‘More work

UW has a comprehensive mental health emergency plan and provides training for athletes, coaches and others on mental health awareness and suicide prevention.

Through the Sarah Foundation, the Schulze family has provided funding for suicide prevention training for all athletes and coaches through the QPR Institute. QPR stands for inquiry, persuasion and reference.

“We’re trying to say as a foundation, if resources are limited, we can fill that gap and do things that can be useful,” Scott Schulz said.

Athletic department officials said even before Sarah Schultz’s death, plans were underway to significantly increase the staff of in-house psychologists. The decision was made after an internal review in 2021, said Doug Thiet, UW’s senior associate athletic director for student services.

The UW had two full-time psychologists on staff and added four more this year, including two starting Monday. That accounts for 3.25 full-time positions, with four 2022 hires splitting time between the athletic department and university health services.

According to Dr. David Lacock, director of the Department of Clinical and Sport Psychology at the UW, about 1 in 200 student-athletes at the UW is a provider, which is four times the standard for counseling nationwide.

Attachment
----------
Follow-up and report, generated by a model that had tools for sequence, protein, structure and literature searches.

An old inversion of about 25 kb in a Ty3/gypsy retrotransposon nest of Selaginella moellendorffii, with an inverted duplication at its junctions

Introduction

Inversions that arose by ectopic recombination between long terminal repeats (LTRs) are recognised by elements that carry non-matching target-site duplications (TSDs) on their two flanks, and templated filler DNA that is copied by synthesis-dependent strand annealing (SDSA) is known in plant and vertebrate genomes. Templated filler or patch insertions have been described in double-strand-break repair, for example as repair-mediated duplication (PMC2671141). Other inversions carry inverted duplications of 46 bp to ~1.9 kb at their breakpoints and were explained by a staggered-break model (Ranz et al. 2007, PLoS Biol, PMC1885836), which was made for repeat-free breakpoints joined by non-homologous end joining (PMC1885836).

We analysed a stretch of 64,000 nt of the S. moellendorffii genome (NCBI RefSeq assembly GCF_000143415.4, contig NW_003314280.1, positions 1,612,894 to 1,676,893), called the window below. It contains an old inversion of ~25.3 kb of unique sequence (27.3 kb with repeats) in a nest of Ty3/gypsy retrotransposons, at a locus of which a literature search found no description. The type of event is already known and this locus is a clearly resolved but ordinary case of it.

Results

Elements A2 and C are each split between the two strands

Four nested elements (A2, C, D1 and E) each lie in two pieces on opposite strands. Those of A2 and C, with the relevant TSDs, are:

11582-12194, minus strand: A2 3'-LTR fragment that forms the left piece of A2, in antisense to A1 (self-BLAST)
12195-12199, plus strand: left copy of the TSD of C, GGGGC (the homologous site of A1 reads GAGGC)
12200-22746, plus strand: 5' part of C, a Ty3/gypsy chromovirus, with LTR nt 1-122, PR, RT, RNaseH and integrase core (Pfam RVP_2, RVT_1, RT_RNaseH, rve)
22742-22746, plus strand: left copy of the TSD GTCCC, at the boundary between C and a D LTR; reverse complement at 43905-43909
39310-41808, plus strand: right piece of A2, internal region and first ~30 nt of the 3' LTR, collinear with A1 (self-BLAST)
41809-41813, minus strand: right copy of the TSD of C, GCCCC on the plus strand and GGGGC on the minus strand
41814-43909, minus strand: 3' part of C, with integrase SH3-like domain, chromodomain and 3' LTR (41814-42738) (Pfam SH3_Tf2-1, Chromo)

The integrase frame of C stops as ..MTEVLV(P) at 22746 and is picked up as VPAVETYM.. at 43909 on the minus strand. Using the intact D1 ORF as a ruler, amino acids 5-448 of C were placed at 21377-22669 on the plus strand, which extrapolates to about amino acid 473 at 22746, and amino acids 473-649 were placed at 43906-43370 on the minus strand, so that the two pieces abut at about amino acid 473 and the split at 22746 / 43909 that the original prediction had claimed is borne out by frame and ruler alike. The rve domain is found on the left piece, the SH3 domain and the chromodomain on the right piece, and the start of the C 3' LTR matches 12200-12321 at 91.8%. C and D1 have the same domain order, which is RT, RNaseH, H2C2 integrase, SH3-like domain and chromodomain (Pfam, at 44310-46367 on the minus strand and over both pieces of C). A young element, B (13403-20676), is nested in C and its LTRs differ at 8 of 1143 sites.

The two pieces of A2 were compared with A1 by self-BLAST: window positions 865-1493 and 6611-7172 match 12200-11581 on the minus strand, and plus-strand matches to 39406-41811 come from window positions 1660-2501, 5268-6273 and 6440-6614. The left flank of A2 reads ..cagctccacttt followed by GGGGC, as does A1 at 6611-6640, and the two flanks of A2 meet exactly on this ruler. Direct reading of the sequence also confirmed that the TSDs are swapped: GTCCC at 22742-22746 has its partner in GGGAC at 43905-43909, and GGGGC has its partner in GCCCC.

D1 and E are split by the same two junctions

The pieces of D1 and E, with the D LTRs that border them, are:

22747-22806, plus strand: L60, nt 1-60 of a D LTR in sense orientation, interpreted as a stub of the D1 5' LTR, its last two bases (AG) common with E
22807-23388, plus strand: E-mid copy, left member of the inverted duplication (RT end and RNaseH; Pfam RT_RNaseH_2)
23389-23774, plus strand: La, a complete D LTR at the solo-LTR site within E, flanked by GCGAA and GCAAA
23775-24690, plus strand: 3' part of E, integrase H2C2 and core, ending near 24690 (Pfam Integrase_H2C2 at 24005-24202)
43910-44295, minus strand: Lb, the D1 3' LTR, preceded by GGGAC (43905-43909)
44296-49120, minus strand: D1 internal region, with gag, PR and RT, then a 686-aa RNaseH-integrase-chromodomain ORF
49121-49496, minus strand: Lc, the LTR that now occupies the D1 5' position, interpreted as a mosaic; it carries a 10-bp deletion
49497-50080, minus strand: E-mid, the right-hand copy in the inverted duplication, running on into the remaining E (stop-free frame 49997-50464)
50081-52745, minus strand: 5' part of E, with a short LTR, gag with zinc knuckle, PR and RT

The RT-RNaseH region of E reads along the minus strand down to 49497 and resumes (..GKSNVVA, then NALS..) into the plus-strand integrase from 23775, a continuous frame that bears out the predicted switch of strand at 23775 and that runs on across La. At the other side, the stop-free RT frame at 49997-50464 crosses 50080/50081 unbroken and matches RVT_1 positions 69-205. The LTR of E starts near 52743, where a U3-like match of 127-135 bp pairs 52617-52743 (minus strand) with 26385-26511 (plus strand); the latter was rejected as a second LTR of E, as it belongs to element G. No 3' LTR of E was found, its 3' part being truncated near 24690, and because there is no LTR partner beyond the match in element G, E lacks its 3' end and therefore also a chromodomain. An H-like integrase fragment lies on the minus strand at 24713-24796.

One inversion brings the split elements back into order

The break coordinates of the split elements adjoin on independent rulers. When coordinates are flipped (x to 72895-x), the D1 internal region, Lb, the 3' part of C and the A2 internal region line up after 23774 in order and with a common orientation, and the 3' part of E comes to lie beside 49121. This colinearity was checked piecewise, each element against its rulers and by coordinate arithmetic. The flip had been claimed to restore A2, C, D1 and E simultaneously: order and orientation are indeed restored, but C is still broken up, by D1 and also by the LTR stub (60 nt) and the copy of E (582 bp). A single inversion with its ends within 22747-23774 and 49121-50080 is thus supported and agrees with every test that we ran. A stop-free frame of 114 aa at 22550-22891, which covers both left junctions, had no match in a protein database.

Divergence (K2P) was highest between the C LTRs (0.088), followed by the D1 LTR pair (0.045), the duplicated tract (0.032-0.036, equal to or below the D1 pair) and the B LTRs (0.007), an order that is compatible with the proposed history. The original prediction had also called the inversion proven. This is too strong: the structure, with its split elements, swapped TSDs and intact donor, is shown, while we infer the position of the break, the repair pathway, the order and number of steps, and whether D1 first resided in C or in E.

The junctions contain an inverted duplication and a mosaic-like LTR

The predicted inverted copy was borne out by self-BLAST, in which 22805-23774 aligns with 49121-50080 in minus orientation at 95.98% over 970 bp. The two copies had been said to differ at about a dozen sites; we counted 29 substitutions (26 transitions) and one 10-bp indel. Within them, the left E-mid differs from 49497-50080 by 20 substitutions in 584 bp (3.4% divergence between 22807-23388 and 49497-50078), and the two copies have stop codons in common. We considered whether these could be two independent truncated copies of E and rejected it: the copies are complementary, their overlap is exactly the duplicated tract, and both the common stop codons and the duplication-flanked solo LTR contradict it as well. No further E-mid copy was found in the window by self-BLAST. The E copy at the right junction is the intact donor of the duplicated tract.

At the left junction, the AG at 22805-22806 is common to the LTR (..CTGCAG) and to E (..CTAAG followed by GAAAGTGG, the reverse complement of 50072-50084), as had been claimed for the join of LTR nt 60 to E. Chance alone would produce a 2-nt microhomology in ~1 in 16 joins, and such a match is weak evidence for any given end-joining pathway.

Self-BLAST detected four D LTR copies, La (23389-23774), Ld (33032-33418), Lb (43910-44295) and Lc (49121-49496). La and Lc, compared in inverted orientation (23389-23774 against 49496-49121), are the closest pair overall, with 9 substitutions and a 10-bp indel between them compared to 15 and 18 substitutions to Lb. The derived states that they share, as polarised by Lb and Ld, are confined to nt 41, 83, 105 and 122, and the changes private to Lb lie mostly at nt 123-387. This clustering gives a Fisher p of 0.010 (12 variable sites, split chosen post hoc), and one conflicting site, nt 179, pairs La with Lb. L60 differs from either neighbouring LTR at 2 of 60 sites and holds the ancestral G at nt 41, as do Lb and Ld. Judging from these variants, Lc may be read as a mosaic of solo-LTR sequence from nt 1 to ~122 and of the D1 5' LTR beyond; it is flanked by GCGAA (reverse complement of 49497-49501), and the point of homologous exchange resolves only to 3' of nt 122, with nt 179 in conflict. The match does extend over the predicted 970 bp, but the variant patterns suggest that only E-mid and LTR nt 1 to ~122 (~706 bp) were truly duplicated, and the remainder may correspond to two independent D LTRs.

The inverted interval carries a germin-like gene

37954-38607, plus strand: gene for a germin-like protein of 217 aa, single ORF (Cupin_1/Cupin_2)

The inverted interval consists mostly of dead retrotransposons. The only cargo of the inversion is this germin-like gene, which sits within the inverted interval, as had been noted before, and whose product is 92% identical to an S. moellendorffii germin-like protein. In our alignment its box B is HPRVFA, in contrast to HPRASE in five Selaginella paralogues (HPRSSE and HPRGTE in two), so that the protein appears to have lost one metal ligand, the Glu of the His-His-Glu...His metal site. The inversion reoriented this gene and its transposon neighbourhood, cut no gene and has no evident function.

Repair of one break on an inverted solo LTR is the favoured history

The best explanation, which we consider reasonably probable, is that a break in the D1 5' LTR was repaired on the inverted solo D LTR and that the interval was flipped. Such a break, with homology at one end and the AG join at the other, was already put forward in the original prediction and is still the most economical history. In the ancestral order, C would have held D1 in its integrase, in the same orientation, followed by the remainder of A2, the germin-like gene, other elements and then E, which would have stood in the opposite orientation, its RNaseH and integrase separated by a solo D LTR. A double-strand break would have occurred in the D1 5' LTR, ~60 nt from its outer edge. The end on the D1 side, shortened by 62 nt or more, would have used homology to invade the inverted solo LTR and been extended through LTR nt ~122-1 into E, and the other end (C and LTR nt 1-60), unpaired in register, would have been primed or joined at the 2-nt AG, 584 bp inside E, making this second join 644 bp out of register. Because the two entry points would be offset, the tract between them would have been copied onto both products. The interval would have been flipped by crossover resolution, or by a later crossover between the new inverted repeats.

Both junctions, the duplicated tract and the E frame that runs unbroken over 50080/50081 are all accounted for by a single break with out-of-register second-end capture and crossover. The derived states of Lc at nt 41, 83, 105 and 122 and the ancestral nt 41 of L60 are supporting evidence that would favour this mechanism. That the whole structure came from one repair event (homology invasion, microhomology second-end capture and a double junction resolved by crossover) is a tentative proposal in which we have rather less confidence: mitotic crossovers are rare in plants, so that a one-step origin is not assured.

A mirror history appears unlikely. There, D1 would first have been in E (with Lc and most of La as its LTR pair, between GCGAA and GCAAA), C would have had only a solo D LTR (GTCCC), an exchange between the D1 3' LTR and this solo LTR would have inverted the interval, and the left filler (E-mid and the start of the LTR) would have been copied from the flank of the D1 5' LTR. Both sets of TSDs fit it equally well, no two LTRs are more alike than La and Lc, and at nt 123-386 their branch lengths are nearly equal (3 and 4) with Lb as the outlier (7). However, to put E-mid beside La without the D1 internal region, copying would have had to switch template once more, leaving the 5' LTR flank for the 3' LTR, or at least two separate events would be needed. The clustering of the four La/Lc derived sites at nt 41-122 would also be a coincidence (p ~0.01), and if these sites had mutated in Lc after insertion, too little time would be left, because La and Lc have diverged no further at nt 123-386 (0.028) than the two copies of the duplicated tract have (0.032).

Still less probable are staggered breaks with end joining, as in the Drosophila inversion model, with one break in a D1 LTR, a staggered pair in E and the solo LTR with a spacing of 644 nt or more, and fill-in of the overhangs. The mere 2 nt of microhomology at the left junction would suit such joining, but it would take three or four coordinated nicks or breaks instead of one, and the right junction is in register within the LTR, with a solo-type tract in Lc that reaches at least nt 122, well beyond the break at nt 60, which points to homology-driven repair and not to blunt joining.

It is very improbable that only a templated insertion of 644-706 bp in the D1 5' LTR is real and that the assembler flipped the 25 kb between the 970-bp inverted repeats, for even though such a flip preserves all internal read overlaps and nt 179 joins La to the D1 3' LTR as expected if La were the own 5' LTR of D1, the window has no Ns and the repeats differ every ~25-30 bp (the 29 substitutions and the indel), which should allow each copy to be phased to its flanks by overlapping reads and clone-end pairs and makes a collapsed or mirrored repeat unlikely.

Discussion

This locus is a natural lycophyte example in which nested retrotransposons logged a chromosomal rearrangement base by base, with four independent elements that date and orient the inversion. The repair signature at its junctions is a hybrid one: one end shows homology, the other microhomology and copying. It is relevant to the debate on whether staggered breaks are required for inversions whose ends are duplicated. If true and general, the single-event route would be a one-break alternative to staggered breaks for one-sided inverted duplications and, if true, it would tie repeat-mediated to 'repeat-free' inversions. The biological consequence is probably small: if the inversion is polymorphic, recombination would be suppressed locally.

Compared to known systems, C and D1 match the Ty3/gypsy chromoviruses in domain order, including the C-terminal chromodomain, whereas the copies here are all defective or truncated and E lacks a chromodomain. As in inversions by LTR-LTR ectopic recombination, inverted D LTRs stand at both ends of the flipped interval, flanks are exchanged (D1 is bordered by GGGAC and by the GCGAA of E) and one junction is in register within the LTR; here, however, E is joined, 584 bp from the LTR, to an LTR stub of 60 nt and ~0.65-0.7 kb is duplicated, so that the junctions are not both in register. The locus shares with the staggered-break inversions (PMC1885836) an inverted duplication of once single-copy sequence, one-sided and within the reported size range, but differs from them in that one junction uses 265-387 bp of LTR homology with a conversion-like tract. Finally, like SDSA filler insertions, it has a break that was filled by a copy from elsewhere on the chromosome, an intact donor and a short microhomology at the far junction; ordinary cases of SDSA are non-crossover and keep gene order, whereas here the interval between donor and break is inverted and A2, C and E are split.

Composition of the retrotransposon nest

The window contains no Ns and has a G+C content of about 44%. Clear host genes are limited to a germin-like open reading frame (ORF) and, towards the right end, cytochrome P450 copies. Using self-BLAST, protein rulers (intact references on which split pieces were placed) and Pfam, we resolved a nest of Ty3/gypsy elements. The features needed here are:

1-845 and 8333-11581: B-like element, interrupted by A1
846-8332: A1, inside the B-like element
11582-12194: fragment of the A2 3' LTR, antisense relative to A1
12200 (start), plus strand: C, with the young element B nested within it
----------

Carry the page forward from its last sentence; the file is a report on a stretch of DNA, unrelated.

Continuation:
UW athletes may be referred to a team of six different community service providers or to Dr. Claudia Reardon, a UW board-certified psychiatrist in sports psychiatry, if they fit the bill.

Lacock said more than 180 UW athletes will be seen clinically during the 2021-22 season. But he believes that number should increase this year as the UW introduces initiatives aimed at increasing mental-health awareness and access.

“The NCA’s research shows that this is the No. 1 health risk for student-athletes,” Lacock said. “So that gets me out of bed in the morning. There’s work to be done.

Coach coaches, athletes

A big initiative for the 2022-23 season will involve Lacock and his staff getting out of the office more often and working to create a “health-enhancing environment.”